Please verify

Watch LIVE

Is Mandatory Participation in Vaccine Trials 'Not as Outlandish as it Might Seem'?


"...all for the greater good of society."

Two clinical research fellows at the University of Oxford Jenner Institute have suggested in the American Medical Journal of Ethics that requiring people to participate in vaccination trials may not be "as outlandish as it might seem".

Citing declining numbers of healthy volunteers for vaccine trials, Susanne Sheehy and Joel Meyer coauthor an article in the journal in which they note several examples where countries have instituted mandates requiring citizen participation "for the good of society."

Sheehy and Meyer write that in the current system, "meager compensation" for volunteers participating in vaccine trials can "belittle and undervalue the contribution of these individuals" and the volunteer demographic is often composed of those in need of money -- students and those without jobs are mentioned by the authors. The authors state that this means the risks associated with some vaccines, which could eventually benefit the whole of society, are "carried disproportionately by some of society’s most poor and vulnerable." The authors also note that increasing payment for trial participation could be seen as unethical.

So, as a solution if recruitment numbers remain low due to low financial incentive, fear of potential vaccine risks and lack of animal models similar to humans, Sheehy and Meyer suggest "compulsory involvement" as an alternative. The authors point to instances where some countries have required action from citizens where the "risks or inconvenience to an individual are usually limited and minor." Examples they include are jury duty, required military service and some European countries requiring citizens to specifically request their organs not be donated upon death, as opposed to choosing organ donorship. Here's what the authors say comparing trail participation with military conscription:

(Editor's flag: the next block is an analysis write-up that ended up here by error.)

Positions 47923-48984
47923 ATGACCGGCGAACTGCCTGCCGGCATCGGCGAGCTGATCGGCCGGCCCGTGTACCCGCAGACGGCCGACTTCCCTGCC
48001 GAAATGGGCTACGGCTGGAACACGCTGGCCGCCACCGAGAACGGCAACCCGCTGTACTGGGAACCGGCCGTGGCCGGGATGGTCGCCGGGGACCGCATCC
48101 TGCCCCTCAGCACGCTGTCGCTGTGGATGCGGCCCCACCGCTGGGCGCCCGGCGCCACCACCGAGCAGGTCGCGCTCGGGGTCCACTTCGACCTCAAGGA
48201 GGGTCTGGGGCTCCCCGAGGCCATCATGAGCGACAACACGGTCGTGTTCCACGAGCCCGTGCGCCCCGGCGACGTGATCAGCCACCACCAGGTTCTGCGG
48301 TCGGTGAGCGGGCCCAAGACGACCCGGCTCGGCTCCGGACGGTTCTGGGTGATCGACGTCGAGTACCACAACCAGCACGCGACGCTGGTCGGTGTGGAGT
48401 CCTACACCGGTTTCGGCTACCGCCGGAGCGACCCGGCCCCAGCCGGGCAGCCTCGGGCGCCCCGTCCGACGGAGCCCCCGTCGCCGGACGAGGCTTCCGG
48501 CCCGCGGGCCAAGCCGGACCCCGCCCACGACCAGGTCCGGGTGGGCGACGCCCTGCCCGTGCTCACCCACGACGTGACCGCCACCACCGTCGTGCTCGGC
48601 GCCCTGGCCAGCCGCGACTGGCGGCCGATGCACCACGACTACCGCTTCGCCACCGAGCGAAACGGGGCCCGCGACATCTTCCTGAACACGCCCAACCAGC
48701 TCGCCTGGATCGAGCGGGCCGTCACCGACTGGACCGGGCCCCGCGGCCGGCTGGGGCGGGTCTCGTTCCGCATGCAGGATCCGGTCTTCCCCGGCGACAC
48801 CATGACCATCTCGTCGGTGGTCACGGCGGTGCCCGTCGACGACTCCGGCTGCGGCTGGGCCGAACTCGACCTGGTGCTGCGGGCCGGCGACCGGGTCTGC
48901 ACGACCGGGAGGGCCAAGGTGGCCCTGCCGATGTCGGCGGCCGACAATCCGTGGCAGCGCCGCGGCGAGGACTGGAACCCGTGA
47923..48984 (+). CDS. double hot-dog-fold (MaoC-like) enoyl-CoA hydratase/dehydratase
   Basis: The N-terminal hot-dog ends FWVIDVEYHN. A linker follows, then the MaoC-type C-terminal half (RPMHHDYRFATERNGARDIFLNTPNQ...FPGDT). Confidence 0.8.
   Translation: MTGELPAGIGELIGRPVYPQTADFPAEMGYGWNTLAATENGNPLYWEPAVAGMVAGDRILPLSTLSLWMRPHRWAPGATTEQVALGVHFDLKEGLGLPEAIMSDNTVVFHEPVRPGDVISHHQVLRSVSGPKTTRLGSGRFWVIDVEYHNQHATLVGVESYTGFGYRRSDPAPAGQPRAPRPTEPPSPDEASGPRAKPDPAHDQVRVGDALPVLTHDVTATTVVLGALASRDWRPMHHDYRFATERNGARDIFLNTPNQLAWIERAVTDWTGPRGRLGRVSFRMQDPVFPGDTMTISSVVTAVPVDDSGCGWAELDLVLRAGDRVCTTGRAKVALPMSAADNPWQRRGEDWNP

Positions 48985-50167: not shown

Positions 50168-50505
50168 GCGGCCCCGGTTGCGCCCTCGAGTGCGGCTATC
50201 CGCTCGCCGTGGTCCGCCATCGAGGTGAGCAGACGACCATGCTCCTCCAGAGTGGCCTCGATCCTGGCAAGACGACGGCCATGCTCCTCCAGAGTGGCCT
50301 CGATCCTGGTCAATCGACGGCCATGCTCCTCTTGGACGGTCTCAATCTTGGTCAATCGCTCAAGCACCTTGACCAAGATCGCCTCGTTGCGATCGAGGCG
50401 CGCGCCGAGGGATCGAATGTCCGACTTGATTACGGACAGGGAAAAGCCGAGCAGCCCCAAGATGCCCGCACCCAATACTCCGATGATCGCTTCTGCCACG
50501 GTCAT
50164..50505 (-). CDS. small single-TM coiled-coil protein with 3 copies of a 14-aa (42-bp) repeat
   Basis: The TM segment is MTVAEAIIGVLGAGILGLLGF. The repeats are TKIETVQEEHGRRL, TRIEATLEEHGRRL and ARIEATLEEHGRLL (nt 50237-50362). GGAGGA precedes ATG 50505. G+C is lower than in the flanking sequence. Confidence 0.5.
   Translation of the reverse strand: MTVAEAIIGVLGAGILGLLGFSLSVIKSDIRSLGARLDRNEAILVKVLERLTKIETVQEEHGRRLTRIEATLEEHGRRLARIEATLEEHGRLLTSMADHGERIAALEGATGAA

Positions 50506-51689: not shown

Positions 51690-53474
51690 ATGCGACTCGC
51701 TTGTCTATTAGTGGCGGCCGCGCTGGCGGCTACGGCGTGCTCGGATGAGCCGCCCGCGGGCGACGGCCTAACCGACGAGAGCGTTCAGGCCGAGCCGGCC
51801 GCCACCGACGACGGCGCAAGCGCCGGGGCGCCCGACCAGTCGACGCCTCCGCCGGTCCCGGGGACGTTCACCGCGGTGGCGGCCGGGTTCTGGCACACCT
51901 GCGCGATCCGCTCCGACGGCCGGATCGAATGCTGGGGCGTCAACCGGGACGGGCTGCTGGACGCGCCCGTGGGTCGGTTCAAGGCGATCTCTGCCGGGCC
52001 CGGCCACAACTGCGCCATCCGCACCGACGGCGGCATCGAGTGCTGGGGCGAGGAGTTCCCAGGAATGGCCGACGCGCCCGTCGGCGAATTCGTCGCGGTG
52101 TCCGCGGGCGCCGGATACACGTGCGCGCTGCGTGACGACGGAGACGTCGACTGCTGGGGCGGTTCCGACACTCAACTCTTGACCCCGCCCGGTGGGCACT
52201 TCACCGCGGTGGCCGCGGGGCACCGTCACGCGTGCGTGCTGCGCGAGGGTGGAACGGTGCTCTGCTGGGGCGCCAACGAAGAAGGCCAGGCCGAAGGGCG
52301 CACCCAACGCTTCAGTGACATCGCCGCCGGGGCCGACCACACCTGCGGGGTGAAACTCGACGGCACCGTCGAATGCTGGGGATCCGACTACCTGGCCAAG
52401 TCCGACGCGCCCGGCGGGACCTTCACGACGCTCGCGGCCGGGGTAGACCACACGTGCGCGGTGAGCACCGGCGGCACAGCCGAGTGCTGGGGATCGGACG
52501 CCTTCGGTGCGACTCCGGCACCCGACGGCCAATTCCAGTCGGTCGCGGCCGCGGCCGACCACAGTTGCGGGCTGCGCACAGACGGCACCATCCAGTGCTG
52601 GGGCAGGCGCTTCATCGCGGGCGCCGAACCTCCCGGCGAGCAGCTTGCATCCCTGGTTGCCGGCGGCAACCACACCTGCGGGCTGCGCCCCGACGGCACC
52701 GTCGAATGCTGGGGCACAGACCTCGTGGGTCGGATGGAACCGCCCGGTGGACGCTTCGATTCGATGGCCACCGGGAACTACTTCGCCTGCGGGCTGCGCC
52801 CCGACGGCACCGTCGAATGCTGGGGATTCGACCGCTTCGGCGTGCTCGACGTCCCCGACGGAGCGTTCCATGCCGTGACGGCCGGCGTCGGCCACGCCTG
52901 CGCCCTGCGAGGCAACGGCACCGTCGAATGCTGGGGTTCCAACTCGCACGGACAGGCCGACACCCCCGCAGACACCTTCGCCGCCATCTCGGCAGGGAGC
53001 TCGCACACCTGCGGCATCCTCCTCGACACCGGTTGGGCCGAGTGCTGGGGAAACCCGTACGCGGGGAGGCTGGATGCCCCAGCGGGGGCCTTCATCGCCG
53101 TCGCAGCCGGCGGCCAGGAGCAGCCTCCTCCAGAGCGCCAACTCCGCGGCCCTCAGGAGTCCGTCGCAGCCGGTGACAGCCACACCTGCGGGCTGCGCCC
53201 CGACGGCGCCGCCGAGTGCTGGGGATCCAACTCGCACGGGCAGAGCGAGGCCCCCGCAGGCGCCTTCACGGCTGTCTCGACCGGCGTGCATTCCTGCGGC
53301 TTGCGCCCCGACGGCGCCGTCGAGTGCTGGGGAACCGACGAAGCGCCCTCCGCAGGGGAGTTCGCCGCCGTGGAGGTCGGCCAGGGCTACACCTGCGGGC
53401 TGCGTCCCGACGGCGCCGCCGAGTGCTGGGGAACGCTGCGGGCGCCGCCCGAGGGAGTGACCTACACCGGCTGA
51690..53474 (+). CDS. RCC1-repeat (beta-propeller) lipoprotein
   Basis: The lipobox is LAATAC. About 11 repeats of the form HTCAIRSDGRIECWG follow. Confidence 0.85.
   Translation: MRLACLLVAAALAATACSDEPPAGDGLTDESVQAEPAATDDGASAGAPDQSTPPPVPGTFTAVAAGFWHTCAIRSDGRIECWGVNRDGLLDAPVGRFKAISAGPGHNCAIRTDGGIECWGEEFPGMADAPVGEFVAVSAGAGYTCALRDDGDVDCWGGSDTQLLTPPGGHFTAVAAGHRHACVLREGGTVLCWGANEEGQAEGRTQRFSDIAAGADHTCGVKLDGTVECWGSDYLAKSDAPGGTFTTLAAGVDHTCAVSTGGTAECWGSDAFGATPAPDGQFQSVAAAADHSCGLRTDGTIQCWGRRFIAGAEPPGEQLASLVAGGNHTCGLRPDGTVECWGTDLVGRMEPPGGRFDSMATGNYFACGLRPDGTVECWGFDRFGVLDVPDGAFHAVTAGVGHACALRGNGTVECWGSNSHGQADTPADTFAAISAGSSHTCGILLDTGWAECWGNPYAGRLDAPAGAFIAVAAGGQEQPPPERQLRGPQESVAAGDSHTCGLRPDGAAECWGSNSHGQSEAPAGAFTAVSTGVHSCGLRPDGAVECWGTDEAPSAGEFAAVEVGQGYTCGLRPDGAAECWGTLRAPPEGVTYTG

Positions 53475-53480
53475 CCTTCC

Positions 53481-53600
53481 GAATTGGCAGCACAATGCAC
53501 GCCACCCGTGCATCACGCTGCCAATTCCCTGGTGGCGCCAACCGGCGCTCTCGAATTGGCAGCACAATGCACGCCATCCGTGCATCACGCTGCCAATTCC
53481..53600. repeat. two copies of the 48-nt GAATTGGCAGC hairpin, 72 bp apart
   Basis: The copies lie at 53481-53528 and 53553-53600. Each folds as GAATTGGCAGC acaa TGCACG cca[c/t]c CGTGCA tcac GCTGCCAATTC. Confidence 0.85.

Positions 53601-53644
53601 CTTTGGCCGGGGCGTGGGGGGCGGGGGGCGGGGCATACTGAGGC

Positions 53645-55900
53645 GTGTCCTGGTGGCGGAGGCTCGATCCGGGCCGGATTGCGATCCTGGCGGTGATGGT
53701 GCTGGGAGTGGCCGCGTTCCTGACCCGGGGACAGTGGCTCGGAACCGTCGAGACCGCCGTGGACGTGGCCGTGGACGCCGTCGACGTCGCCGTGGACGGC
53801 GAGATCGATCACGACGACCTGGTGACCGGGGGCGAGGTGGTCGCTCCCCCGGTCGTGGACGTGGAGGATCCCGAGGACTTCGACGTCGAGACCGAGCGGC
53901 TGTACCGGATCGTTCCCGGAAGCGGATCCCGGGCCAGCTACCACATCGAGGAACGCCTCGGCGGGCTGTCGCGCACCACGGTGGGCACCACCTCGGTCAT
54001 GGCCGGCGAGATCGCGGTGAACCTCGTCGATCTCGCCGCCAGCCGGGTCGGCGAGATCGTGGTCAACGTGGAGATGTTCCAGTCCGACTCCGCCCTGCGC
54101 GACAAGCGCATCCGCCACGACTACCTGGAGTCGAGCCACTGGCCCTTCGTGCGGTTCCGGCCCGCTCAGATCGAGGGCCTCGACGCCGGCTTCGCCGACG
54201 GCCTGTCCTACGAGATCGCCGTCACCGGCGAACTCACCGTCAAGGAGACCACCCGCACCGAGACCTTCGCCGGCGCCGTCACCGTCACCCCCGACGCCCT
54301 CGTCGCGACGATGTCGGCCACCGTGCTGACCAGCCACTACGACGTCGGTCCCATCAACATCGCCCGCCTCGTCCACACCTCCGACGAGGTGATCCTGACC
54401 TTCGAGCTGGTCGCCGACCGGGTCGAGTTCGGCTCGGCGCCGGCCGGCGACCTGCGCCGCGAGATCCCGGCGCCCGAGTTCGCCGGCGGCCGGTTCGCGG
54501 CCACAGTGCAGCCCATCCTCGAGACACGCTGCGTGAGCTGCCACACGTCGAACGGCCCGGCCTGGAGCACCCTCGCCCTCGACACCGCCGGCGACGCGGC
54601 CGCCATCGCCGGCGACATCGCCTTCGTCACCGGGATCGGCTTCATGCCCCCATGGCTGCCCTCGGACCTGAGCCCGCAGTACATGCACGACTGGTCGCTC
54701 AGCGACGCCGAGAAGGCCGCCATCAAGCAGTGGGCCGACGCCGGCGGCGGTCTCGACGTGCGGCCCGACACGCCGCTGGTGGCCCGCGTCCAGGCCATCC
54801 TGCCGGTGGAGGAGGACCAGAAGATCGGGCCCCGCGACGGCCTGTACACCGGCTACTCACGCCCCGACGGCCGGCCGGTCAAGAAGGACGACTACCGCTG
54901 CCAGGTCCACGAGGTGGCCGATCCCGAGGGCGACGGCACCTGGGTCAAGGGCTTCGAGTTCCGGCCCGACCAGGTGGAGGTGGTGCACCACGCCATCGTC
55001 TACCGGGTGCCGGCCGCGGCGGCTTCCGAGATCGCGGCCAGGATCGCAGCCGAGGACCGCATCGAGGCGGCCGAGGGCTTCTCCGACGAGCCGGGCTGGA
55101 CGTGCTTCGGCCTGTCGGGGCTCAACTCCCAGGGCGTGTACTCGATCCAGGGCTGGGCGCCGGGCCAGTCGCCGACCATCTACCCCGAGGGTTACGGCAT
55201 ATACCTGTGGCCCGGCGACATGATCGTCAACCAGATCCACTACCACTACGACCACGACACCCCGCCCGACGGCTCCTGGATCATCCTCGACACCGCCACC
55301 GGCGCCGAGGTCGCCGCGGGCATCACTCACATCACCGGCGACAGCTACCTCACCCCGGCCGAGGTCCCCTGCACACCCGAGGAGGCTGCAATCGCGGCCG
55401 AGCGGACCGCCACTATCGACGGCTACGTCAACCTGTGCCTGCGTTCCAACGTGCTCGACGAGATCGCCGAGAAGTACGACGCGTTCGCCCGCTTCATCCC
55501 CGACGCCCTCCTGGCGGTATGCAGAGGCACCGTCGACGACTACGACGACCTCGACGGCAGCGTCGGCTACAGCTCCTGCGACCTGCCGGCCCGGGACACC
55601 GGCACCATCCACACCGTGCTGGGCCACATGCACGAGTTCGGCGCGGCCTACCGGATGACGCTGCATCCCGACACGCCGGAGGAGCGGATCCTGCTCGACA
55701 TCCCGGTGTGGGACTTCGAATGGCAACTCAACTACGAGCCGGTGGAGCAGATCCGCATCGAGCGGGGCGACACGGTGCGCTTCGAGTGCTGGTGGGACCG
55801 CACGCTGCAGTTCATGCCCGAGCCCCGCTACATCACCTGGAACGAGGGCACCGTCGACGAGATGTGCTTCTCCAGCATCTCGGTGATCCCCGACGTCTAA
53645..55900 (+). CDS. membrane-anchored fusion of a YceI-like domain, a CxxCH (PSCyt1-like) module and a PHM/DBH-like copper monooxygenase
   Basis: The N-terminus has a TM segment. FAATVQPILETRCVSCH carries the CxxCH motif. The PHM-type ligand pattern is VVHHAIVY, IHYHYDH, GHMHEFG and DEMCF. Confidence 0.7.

In both conscription and obligatory trial participation, individuals have little or no choice regarding involvement and face inherent risks over which they have no control, all for the greater good of society.

Noting several principles against mandating participation in vaccine trials, including self-autonomy, the authors then settle on something they call "a policy of mandated choice". With such a policy, citizens would be required to opt in or out of participating in vaccine trials in advance. The authors state:

The advantage of this system is that it could identify a large cohort of willing volunteers from which participants could be recruited rapidly without jeopardizing individual autonomy. It would encourage an open, noncoercive philosophy for tackling societal challenges without compromising individual freedom or public trust in the health care system.

As a bit of a sidenote, the authors call to mind how society views vaccines. Sheehy and Meyer believe that society's view of vaccinations are hampered by "sensationalist and unfounded stories" like that tying the measles-mumps-rubella vaccine with autism, while citizens should view vaccines as taking "once-feared illness out of the public eye.

Most recent
All Articles